Born Ruffians Birthmarks

Born Ruffians Birthmarks
8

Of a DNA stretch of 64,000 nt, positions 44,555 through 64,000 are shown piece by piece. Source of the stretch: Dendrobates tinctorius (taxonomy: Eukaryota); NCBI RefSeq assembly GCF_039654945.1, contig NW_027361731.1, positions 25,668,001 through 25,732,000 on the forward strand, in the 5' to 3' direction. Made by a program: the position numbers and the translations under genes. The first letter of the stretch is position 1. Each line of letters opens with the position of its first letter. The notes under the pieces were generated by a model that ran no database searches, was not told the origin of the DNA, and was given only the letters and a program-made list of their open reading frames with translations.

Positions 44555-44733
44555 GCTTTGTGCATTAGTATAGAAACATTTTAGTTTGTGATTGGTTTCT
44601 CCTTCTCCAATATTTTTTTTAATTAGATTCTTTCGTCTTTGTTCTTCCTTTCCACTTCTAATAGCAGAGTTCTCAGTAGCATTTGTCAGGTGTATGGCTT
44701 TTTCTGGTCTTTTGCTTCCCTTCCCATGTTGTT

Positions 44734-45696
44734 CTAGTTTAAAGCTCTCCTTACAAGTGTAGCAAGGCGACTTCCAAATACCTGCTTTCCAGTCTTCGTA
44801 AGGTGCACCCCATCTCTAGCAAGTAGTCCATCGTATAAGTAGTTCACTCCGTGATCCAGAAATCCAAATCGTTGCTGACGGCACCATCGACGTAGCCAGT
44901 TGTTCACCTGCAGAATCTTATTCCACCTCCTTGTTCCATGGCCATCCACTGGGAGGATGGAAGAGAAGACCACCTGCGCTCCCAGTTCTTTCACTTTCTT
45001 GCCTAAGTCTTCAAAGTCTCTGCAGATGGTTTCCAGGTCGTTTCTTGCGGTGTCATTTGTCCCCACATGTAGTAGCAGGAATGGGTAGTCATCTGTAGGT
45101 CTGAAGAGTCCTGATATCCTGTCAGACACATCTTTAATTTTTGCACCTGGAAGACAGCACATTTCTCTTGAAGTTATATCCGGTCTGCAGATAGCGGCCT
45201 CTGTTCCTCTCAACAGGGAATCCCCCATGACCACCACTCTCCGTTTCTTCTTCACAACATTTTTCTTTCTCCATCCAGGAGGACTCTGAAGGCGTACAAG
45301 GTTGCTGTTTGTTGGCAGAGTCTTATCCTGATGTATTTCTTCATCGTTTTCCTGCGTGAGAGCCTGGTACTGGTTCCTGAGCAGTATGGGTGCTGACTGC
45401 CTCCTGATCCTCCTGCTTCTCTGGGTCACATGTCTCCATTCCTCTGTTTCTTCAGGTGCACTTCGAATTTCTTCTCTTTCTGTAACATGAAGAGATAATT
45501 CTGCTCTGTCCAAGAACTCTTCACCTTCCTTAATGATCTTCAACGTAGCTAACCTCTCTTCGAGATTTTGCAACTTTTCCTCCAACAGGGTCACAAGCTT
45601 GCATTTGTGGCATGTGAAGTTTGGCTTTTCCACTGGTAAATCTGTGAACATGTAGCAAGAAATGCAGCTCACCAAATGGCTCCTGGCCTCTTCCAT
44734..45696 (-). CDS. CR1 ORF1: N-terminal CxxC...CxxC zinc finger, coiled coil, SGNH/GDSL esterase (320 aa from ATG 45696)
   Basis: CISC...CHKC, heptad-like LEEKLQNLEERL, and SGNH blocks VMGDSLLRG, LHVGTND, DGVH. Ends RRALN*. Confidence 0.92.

If there were such a thing as an award for "most improved band" in music, Born Ruffians would be worth betting on. While their last album, 2010's Say It, wasn't exactly the equivalent of a season batting around .200 or tossing 20-plus interceptions, it failed to turn heads and keep the momentum of their well-received debut going. For their third act, the Toronto, ON four-piece retreated to a farmhouse for some male bonding, then headed into a studio with producer Roger Leavens. The extra time and effort put into Birthmarks has resulted not just in the band's best album, but one that demonstrates they've reached next-level status. Leaving behind the minimal, twitchy indie-pop, the guys have upgraded to a wider range of ideas less reliant on the guitars/bass/drums set-up, bolstered by a slick studio sound. The songs are bursting and cultivated; it's as if they realized urgency was no longer their ally. Single "Needle" is their best song to date; it's a confessional that trembles with vulnerability, then pulls it in to pop with an effective beat and chorus. "Oceans Deep" has the immediacy and feel-good groove of a Doug & the Slugs tune, while "Cold Pop" charges with Luke Lalonde's oral sex allegory, yet flutters with beatific guitar strums that mask its cheekiness. The second half, however, shows another side. "Rage Flows" erupts into static-drenched chaos, "Dancing on the Edge of Our Graves" is a mature, radio-friendly tune wrapped in strings and "So Slow" is a nebulous, ebb-and-flow arrangement swimming in ambient textures that is by far the most radical thing they've done. Sure, Birthmarks might throw off some, maybe even lose them, but the gamble has paid off, and will undoubtedly result in producing more new fans, as well as reassuring old ones. (Paper Bag)